There's no question that Ruby Rose and Nina Dobrev play some pretty damn badass women, and their characters in their new movie, xXx: Return of Xander Cage, are no exception. So when BuzzFeed had the chance to meet up with Ruby and Nina to promote the movie, we asked them to share their wisdom by answering your questions. And their answers definitely didn't disappoint...
1. If you could give one piece of advice to women in their twenties, what would it be? – charleyl4b5b8ca1a
Nina Dobrev: Get through them and get to your thirties, ‘cause it’s so much better then. [laughs]
Ruby Rose: I was literally going to say the same thing! Wait, are you 30?
ND: No, but I feel like my soul is 30. I feel like I’ve lived – and drank enough – to be beyond 30 ... The reason I said that, and I’m sure you’ll agree, is that the older you get, you start to care less, in a good way. You know what you care about, the important things, and then the little things that used to bug you are insignificant at that point. It just gets easier, and you don’t have to fuss about everything. Life is just happier.
RR: Yeah, if we’re going to answer questions like real adults – thanks, Nina – then I would just say be kinder to yourself. Just be a little bit more gentle with yourself, and you’ll realise why later.
2. What advice would you give to all the girls who struggle with feeling insecure about their body? – giulsciula
ND: I think it goes back to the same thing…
RR: Be 30?! No, don’t, because your body is banging at 20!
ND: That is so true! If I could’ve told the 20-year-old version of me to appreciate my body at the time… You always zero in on something, everyone has insecurities ... You’ll end up realising that it was so tiny and stupid and insignificant, and you’ll end up loving it. In fact, my insecurities are now my quirks, and I love all those things more. The flaws are what make you beautiful, in my opinion.
RR: Yeah. You just have to trust that everything you’ve been given is a tool. It’s not there to hinder you. Your body is such an amazing thing – you can make it strong, you can make it agile, you can do all these things with it. It literally gives you life. So if you don’t feel comfortable in your own skin, you just have to remind yourself how much your body is doing, how much you create in this world, and how much power you have as a person.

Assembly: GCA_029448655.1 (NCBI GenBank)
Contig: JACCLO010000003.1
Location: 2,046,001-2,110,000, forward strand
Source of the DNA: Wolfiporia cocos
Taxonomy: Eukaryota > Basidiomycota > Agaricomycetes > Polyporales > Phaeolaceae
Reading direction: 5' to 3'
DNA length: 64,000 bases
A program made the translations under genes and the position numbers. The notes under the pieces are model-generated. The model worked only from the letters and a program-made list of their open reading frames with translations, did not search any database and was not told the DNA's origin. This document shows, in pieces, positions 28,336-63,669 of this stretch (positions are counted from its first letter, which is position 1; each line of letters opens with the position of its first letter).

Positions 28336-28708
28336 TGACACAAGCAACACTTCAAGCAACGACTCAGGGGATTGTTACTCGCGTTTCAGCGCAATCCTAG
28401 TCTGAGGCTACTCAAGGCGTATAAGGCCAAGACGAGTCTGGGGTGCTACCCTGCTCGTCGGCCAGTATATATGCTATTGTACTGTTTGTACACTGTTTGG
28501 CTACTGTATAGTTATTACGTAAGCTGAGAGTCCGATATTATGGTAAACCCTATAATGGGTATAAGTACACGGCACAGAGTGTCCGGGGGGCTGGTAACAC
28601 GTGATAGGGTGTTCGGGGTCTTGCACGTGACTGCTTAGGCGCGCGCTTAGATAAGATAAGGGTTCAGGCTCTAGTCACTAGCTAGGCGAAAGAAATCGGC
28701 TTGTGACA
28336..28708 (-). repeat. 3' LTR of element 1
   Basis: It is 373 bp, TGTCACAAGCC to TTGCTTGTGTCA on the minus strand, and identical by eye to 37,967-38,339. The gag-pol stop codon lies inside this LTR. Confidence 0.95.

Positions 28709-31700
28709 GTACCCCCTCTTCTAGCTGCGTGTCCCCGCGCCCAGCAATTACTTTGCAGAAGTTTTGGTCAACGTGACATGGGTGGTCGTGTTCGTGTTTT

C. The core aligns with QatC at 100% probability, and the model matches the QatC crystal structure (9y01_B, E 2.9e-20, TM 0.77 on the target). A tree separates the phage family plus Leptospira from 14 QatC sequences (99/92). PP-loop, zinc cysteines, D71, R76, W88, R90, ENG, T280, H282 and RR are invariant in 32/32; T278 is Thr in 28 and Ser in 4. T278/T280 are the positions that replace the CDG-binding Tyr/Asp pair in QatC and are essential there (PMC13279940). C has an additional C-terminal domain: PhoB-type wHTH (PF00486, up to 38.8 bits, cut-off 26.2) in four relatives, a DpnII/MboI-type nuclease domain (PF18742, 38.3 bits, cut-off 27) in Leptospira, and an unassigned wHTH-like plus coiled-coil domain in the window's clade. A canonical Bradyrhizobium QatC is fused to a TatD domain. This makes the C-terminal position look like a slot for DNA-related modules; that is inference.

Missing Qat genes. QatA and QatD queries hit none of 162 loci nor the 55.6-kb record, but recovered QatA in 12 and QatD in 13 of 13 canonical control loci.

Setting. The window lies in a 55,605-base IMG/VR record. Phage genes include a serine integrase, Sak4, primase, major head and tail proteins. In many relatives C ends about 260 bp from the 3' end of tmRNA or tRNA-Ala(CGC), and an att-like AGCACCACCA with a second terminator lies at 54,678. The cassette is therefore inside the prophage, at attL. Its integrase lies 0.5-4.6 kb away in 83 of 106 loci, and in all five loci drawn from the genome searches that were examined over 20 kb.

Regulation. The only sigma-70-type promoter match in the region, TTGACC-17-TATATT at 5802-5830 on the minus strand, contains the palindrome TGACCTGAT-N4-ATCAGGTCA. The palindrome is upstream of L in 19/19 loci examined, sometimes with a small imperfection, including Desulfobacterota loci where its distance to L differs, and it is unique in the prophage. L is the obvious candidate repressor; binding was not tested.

3. I feel like in our society there is pressure put on women (especially celebrities) to compete against each other, and to see one another as enemies rather than as allies. How do you handle that? – thedinosaursfoundedamerica
ND: I think that’s changed. I don’t think it’s the same any more. In our film, one of the themes I love so much is that we have a lot of powerful, strong, confident women who are intelligent – it’s not just because they’re beautiful that they’re here, but they have a purpose of their own. In fact, although there’s tension between some of the women at the beginning, the journey is that they end up realising that they need each other and they’re ultimately stronger together.
RR: They realise that they can accept each other’s differences. You know, maybe they don’t agree on certain things, or they got off to a bad start, but they realise that if they work together they’re going to be stronger. It’s kind of one of the best things, watching them put their ego aside for the greater good.
4. What’s the biggest or most important life lesson you’ve ever learned? – charlottea499b0eeee
RR: Going back to something I said earlier – just being kinder and gentler on yourself. It’s great to have good friends, it’s great to have a supportive family, it’s awesome to have fantastic co-workers, but you don’t always necessarily have that. Growing up, I was just so hard on myself, and I look back now and wonder why I put myself through all that.